To imply that Chile has no threats or no enemies, it’s absolutely incorrect. To say that Chile purchases weapons of destruction, its playing with objectivity and the truth. Chile sees the purchasing of modern military equipment as an investment, as a “dissuassive factor”, or as a “preventive measure”. Let’s no forget that Chile has not been interested in warfare since 1879. During that same period of time countries such as Perú (4 wars), Argentina (3 wars) & Bolivia (3 wars)have been involved in more that 10 wars. Mr. Sanchez you didn’t want to mention that Perú was ready to attack Chile in 1975 for no good reason(read about Velasco Alvarado military regimer), or that Argentina had it’s troops ready to attack Chile in the southern region in 1978 because Argentina was unhappy about the Pope’s decisión on the Beagle Channel, favorable to Chile that is(read about Videla’s military regime). Chile in fact has neighbours that can act up in very strange ways. We never know who or what is going to be in power. I don’t know if you have read, but Perú, Bolivia and Argentina have a tremendous history of very unstable governments, huge corruption problems, constant military unrest. And presidents that are constantly being send to prison, please read about Fujimory, Videla, and dozens more. My friend, …Chile has more then enough reasons to want to protect its country. ¿Maybe you would prefer Chile to remain naive?. But Chile my friend, just like Israel knows very well that they rather feel safe then sorry. And yes my friend Sanchez, all of that modern military equipment is there to make chileans feel safer. And another thing Mr. Sanchez let’s tell the truth. Chileans can exercise the right to vote against that famous 10% coper revenue that keep Chile’s military so well respected in the region. But chileans prefer to keep the “status quo”, they want to keep their military forces very strong and respected. Chile will never attack a neighbour as demostrated in these past 130 years, but Chile demands respect.

  • June 3, 2009 at 3:46 am

    to reven98:

    In some cases you drift away from the crucial ando considerate point of discussion, which I don’t really want to enter.
    Let’s be very clear and do rectify, before going on:

    Regarding the maritime border, you wrote Peru wants X and Chile wants Y and therefore it’s under investigation at the international court in La Hague. This is very misleading, as you are implying equal matches here, but the correct statement is:

    Currently the status quo is, that the parallel is the maritime border between both countries (Chile’s position). This is respected by both countries from a military AND institutional point of view. No Peruvian military vessel ever surpasses this parallel border without Chilean permission, and Peruvian military maps indicate the parallel as limit too. Also on a regular basis, Peruvian fishing vessels, which illegally surpass this PARALLEL border are being intercepted by the Chilean coast guard and are being escorted to the Chilean harbour Arica, being fined, their load being confiscated and returned to Peru, just according to the Maritime Zone boundary treaties of 1952 and 54 signed by both countries. The point here is: Peruvian government has NEVER EVER complaint about this procedure… and you know why? Because Peru never disputed this is the correct treatment!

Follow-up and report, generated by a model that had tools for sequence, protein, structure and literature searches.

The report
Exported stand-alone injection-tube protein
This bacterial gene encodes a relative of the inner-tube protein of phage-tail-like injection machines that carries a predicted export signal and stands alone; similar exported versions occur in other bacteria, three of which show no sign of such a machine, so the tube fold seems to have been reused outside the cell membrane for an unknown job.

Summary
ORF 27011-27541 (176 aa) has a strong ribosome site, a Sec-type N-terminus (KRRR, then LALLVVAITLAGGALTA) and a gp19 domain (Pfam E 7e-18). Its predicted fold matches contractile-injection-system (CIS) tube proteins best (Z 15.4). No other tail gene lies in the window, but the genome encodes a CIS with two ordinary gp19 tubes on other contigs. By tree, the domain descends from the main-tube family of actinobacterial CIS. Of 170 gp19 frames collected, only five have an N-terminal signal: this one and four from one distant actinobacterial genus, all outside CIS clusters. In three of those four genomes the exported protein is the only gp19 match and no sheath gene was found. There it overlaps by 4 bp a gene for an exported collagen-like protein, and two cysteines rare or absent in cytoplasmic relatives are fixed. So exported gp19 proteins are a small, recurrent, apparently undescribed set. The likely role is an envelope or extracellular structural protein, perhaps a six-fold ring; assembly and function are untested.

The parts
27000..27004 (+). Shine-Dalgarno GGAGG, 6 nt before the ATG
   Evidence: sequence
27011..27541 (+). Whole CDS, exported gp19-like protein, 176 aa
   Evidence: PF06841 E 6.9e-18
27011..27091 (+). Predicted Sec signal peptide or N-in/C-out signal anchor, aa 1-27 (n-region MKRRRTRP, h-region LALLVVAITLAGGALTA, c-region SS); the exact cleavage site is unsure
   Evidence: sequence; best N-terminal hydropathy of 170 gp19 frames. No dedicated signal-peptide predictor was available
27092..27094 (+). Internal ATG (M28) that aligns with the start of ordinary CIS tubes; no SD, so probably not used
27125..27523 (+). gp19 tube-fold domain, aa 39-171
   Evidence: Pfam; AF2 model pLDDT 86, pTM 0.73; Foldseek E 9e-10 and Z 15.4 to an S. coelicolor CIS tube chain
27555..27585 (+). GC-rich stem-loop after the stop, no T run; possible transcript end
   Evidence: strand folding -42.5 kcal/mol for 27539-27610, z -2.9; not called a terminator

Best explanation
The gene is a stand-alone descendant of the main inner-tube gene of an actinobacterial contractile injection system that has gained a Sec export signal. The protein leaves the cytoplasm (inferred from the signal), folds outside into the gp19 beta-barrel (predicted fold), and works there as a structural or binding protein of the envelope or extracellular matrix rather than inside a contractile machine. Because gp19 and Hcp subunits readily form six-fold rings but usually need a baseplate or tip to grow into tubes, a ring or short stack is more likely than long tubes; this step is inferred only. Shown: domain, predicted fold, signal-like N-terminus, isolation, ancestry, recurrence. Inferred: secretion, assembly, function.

Now… regarding the current situation at the international court of justiceis the following:

    Peru CLAIMS that the current limitation is “unfair”, and that suddenly the delimitation treaties of 52/54, which Peru respected for more then half a century, are not “national delimitation treaties” but only “fishing delimitation treaties”, implying there is a need for another treaty, defining limits to their benefit. Therefore Peru has filed a claim in the court in Den Haag, but this has not yet really started.

    Furthermore, Peru has a very curious position, that this “fishing treaty”, which has been signed by 3 countries (Peru, Ecuador and Chile) is not a delimitation treaty with chile, but same treaty IS a delimitation treaty with Ecuador. Very ambiguous and I am very fond, of how they will try to explain this in the court!

    • October 2, 2009 at 8:37 pm

      Why do people care so much about what happens in Chile???

      Yes we spent a billion dollars getting new equipment. And we're selling old stock to other countries.

      Now, what would you say to Brazil's 3 billion dollar military plan??
      Will anyone care??
      I think no, just because they're Brazilian.

      The way I see it, anything that happens in Chile will be taken as a "provocative move" to any end.
      Come on people move forward.

    • October 25, 2009 at 12:39 am